Pandemic response should liberate flawed investment policy

Andrew Smithers
Financial Times - Letters, 17th March 2020, 17th March 2020


It has been said that you can make a parrot into an economist by teaching it the two words supply and demand. Twice in recent years most economic comment has failed to appreciate the distinction which suggests that today a parrot who understands the difference would be an unusually competent economist.
The drop in demand set off by the financial crisis did not cause the weak growth that followed. This was a supply problem caused by the bonus culture which discouraged business investment for nearly a decade before the crisis arrived. Brexit will hit supply but has barely done so yet and the forecasts of its impact on demand have damaged several reputations.
The pandemic will hit both supply and demand but the response could free us from the current policy, which Keynes called pushing on a string. Fiscal policy should now take over from the weak stimulus of monetary policy, with its attendant damage of excessive debt and overblown asset prices. Both fiscal and monetary policy boost debt, but excessive private debt is more dangerous than public, so policy should not favour the weaker tool with its greater attendant dangers.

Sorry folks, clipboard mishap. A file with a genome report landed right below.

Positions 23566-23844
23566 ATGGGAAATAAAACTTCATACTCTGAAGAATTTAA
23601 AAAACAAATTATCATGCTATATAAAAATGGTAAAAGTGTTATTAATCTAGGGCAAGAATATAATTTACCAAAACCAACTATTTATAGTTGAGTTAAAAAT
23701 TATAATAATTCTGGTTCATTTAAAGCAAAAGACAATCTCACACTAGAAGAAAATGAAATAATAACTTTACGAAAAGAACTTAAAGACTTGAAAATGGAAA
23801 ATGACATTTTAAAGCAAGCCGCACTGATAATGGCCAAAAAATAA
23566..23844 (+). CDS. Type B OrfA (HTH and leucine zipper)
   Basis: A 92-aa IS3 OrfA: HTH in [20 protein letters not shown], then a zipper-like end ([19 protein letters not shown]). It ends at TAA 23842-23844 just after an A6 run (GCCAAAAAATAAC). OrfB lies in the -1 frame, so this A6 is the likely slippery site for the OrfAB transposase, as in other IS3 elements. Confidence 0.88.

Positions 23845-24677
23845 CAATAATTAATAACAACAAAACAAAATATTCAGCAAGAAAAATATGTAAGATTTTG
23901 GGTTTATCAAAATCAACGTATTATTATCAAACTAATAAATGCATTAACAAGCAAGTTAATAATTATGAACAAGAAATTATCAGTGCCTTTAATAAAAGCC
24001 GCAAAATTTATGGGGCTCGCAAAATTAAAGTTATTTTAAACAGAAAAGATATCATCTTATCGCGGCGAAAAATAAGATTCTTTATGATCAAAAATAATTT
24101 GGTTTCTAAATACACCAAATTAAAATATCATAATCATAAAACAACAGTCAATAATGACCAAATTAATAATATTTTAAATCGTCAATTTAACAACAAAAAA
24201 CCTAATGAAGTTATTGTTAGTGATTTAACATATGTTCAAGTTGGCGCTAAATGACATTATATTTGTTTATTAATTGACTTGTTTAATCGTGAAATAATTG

Whether itís in the public or the private sector, rising debt is only a temporary solution. We need another way of stimulating demand, which also boosts supply, and this can only be through more business investment.
The economically perverse incentives of the bonus culture have shifted the decisions of corporate managements towards short-term profit and away from investment. If investment increased short-term profit, the bonus culture would favour more investment and this could be achieved by a tax credit for investment. It is important to understand that this is not the same as accelerated depreciation. With the latter published profits do not rise in line with the fall in tax, because there is an increased liability for future tax. For the same cost in terms of current revenue, a tax credit for investment would cause the incentives of the bonus culture to favour rather than inhibit investment, accelerated depreciation will not do this.
Andrew Smithers
London, W8


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